Three ways to light a staff restaurant

There is no need for high levels of uniform illumination when eating a meal. Short of using high-pressure sodium as a light source, colour rendering won’t be an issue.

Even glare is unlikely to be a problem because staff won’t be sitting in the same position for long.

However, there are some guidelines. As a rule, the brighter the illumination, the shorter the time people will stay. Although individuals only spend a short time there, many restaurants are open for long hours, so consider dimming the lights during the evening and night. If there are fewer staff in the evening, consider zoning so areas can be switched off.

The lighting ought to be relaxing. Many staff restaurants have a separate area with lower illumination and more decorative fittings.

Don’t forget good illumination for the cleaners, perhaps as part of a separate switching regime.

Design considerations

Our restaurant is about 15 x 16m with a 3m-high ceiling and there is no daylight.

We have split the space into two. On the right is a vending machine and dining tables. There is a notional 300 lx in this area. On the left is a breakout area, lit to 150 lx or less. It would be a good idea to control the switching and dimming of these areas separately. Obviously, there is plenty of spill light down the central route to the servery, which leads back to the kitchens.

Although we have shown three options, you can easily imagine how you could mix and match the layouts in the two areas of the restaurant.

This has the lowest energy consumption at 4.5W/m2. The dining area on the right uses the slim Coriflex LED system. This is often used in continuous runs, but because of its efficiency, I had to use individual units to avoid overlighting. This arrangement also puts a fair amount of light on the wall, which is useful for reading noticeboards and posters.

The breakout area has 26W compact fluorescent pendants. These produce pools of light over the tables and because of the much lower illumination level, this area is much more relaxing.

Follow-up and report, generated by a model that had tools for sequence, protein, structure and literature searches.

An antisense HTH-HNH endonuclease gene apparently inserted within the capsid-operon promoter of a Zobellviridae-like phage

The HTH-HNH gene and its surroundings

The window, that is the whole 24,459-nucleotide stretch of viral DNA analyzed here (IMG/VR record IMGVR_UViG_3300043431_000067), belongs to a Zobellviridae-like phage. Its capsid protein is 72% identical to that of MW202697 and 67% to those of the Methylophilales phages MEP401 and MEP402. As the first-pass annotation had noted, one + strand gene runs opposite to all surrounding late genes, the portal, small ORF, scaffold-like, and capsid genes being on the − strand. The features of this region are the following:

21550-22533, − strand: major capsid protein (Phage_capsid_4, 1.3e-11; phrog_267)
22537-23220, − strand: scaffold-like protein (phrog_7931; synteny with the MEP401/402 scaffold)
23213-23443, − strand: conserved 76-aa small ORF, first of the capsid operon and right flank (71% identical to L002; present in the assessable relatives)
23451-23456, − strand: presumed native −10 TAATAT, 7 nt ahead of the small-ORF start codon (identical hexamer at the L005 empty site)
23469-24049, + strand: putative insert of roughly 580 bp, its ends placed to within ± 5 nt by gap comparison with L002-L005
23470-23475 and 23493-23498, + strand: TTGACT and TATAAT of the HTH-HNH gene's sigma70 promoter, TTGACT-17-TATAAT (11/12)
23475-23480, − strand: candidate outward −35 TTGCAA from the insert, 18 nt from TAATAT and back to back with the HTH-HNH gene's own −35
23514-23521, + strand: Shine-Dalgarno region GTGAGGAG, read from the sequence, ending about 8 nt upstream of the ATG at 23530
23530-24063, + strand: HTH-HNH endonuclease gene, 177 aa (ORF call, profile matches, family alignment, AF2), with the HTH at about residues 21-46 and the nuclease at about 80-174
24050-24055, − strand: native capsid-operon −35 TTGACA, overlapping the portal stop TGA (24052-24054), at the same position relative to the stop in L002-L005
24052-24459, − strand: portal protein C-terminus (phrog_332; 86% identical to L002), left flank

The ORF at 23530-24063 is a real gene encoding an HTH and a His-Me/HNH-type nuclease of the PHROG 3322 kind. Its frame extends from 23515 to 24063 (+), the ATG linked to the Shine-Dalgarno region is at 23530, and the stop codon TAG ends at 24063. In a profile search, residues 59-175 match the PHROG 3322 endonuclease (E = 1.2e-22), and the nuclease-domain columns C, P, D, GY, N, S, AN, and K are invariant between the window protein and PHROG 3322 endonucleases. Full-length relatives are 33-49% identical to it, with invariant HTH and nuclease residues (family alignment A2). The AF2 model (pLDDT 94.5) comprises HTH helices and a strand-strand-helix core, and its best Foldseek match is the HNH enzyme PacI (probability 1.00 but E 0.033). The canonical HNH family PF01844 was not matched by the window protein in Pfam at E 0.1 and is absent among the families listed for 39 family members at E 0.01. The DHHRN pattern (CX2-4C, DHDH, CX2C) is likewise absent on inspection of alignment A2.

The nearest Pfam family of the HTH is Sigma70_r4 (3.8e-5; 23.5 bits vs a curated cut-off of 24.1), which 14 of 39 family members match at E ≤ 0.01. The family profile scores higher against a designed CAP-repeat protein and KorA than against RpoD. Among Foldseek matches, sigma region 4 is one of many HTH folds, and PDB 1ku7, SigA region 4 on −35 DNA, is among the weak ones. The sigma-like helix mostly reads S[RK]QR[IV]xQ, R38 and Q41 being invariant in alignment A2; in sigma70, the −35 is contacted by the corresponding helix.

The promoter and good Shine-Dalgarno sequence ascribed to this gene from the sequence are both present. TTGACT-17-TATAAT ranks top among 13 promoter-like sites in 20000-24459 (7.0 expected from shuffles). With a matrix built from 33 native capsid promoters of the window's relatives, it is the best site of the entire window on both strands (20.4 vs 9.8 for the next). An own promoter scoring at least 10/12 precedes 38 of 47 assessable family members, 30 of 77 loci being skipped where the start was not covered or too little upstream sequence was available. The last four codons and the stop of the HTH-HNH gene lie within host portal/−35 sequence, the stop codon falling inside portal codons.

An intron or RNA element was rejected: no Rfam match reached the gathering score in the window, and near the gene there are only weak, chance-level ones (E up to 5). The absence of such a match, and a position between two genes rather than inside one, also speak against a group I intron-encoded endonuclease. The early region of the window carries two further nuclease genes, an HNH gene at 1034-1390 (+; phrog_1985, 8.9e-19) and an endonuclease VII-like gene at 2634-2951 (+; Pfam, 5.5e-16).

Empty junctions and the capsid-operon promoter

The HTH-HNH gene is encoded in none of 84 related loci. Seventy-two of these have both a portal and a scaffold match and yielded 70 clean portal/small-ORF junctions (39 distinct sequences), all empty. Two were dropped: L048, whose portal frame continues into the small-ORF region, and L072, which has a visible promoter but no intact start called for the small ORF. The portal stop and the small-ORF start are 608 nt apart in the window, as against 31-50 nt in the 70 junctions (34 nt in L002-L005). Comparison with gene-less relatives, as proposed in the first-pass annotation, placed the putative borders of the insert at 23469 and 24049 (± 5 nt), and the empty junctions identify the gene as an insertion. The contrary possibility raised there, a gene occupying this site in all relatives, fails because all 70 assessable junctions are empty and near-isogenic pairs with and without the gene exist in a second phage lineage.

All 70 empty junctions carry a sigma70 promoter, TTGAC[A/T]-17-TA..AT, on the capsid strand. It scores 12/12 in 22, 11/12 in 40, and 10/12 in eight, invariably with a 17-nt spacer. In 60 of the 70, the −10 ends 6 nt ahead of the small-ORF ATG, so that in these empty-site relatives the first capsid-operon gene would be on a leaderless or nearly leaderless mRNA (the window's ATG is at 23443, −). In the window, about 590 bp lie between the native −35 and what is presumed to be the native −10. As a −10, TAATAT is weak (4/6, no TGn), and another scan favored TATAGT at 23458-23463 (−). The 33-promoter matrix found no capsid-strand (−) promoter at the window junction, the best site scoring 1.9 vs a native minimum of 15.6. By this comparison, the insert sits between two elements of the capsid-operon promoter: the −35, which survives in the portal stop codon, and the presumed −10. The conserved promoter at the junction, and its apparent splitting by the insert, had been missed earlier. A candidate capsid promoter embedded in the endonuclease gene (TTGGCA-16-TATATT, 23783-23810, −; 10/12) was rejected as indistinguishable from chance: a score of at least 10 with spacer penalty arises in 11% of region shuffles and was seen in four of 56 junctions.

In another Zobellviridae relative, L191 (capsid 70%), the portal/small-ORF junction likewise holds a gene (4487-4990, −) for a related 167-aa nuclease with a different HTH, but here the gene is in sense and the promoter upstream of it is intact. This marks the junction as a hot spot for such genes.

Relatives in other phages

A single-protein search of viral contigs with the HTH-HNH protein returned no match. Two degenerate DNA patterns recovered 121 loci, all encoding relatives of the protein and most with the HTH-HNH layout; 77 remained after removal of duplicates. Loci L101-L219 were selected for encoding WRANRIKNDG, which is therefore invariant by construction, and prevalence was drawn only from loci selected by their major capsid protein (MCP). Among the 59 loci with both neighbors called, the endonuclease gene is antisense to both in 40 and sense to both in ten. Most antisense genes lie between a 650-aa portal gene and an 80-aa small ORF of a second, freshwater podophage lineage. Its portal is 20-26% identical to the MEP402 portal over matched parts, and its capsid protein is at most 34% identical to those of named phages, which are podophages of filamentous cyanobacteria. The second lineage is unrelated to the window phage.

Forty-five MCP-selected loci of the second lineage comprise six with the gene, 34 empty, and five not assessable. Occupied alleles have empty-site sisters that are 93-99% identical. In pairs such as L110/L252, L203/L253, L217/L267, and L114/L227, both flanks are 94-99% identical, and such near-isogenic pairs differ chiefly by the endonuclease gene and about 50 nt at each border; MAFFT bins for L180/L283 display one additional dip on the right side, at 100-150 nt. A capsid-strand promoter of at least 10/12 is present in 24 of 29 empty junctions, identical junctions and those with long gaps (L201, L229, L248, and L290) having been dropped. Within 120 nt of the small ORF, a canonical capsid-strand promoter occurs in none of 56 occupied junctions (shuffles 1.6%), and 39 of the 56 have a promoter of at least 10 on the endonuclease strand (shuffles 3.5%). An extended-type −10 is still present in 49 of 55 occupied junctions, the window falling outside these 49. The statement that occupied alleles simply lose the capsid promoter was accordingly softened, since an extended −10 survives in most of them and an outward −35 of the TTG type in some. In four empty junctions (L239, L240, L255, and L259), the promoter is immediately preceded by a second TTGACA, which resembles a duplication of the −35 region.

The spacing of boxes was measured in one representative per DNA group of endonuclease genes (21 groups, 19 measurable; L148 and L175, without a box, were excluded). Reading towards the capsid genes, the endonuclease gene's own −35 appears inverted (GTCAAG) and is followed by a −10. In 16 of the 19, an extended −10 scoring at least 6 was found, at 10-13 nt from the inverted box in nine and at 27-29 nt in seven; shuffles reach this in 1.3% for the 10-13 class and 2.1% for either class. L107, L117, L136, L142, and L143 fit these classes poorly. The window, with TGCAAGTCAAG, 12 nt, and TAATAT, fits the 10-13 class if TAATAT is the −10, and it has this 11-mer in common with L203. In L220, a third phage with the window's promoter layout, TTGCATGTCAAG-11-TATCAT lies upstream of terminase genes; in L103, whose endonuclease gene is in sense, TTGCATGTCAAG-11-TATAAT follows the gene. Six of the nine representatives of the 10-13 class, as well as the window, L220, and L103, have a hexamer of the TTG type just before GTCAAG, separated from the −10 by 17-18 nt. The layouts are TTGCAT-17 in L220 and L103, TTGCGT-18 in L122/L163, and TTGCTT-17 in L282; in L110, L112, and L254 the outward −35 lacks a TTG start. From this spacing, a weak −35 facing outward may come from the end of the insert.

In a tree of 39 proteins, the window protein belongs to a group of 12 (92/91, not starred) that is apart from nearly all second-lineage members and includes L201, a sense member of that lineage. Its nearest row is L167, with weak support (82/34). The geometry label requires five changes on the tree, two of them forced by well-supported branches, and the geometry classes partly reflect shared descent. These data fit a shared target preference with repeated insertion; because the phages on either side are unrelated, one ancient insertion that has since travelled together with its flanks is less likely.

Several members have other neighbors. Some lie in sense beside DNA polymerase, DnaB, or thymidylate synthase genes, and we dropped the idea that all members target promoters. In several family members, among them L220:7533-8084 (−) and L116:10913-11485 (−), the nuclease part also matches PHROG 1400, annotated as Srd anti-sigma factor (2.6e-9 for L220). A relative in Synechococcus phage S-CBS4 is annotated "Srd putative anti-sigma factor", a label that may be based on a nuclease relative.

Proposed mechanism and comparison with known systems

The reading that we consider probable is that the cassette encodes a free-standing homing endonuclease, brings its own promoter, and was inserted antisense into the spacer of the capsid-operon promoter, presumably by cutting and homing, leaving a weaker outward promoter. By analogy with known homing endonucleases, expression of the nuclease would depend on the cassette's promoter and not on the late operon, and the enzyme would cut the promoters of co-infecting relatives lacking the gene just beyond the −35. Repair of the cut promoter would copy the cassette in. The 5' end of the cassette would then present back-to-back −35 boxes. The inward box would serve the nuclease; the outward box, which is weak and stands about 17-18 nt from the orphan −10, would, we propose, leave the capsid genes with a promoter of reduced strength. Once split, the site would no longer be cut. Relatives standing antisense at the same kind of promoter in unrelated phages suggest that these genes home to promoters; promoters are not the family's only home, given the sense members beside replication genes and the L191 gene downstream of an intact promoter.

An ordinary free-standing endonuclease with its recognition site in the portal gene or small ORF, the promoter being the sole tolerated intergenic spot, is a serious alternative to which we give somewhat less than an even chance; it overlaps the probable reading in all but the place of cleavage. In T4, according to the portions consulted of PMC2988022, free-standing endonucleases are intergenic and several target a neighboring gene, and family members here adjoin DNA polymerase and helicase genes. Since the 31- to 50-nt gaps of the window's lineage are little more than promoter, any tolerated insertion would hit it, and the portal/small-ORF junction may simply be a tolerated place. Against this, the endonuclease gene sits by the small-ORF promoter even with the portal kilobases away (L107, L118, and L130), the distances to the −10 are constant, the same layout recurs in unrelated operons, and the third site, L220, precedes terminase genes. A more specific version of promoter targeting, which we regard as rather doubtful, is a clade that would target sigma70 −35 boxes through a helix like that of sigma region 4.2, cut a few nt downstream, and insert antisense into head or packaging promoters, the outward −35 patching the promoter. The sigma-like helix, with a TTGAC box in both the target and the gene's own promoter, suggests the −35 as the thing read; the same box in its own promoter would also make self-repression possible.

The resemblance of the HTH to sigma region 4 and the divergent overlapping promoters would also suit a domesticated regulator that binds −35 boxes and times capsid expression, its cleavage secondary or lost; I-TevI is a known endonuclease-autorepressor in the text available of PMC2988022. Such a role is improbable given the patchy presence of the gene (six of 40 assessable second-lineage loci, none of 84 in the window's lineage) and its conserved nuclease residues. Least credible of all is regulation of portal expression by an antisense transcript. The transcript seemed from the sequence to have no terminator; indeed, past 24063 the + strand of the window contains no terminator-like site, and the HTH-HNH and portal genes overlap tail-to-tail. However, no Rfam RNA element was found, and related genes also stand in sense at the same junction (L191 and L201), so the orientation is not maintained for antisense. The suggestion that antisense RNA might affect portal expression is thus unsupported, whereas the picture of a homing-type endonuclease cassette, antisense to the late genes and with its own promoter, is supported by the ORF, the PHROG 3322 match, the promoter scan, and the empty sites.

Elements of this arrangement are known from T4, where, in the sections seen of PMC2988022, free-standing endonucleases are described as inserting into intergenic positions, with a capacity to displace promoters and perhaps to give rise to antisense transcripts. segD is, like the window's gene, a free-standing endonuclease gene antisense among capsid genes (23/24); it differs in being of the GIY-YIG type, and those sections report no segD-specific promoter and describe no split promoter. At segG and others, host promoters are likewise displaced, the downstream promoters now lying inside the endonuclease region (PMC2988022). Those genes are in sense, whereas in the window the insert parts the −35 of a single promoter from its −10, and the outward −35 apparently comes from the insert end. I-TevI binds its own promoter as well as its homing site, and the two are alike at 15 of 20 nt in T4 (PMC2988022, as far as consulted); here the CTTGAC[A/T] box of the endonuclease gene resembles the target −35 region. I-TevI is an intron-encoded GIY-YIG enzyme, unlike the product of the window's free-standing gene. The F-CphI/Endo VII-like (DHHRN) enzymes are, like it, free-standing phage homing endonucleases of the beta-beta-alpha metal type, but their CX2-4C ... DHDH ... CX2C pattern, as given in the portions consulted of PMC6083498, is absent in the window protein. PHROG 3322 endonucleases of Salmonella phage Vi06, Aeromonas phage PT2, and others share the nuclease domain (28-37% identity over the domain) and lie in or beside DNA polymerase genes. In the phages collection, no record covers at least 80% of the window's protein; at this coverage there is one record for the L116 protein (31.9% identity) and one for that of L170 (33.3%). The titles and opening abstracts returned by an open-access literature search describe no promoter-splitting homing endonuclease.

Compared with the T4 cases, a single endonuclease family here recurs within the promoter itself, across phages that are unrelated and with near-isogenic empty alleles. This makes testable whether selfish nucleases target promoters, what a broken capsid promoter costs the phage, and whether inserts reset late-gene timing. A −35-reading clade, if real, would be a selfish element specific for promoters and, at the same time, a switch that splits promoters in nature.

Luminaires Nine Oktalite Milano 360 white fabric pendant and seven Coriflex H1 LED system
Optical  Fabric shade and aluminium reflectors
Arrangement As shown 
Average illuminance at table level 150 and 300 lx
Electrical load 4.5W/m2
Typical cost Budget
Pros Lowest load and purchase price
Cons May be too simple an appearance

Here we have used a small recessed LED downlight, the Inperla Ligra, over the dining area. A range of decorative accessories can be added for colour and sparkle (the rendering software shows these as a solid cylinder – we have used a wide angle downlight to soften the illumination). We have used the same pendants as before but with red fabric shades. To achieve the same effect, we have had to use 42W compact fluorescent lamps instead of 26W, a 60 per cent increase in power. It’s a simple example of how interior decor can affect lighting.


Luminaires Nine Oktalite Milano 360 red fabric pendant and 17 Inperla Ligra LED downlight
Optical Fabric shade and aluminium reflectors
Arrangement As shown
Average illuminance at table level 150 and 300 lx
Electrical load 6W/m2
Typical cost Medium price
Pros Much warmer appearance in breakout area
Cons The dining area could be considered overlit

This makes much more of a statement with the Polaron 22W circular fluorescent on the walls and narrow Inperla Ligra in the breakout area. Similarly, the Model 7403 surface mount unit with an opal dome diffuser draws your attention to the dining area. This is a bold scheme – although for some staff restaurants it might be a little too bold.


Luminaires 10 Polaron WD1, 10 Inperla Ligra LED downlight and 12 7403 2900
Optical Opal acrylic diffusers and aluminium reflectors
Arrangement As shown
Average illuminance at table level 150 and 300 lx
Electrical load 6.1W/m2
Typical cost Premium
Pros Striking appearance
Cons Less colour than the second option and may be a little ‘busy’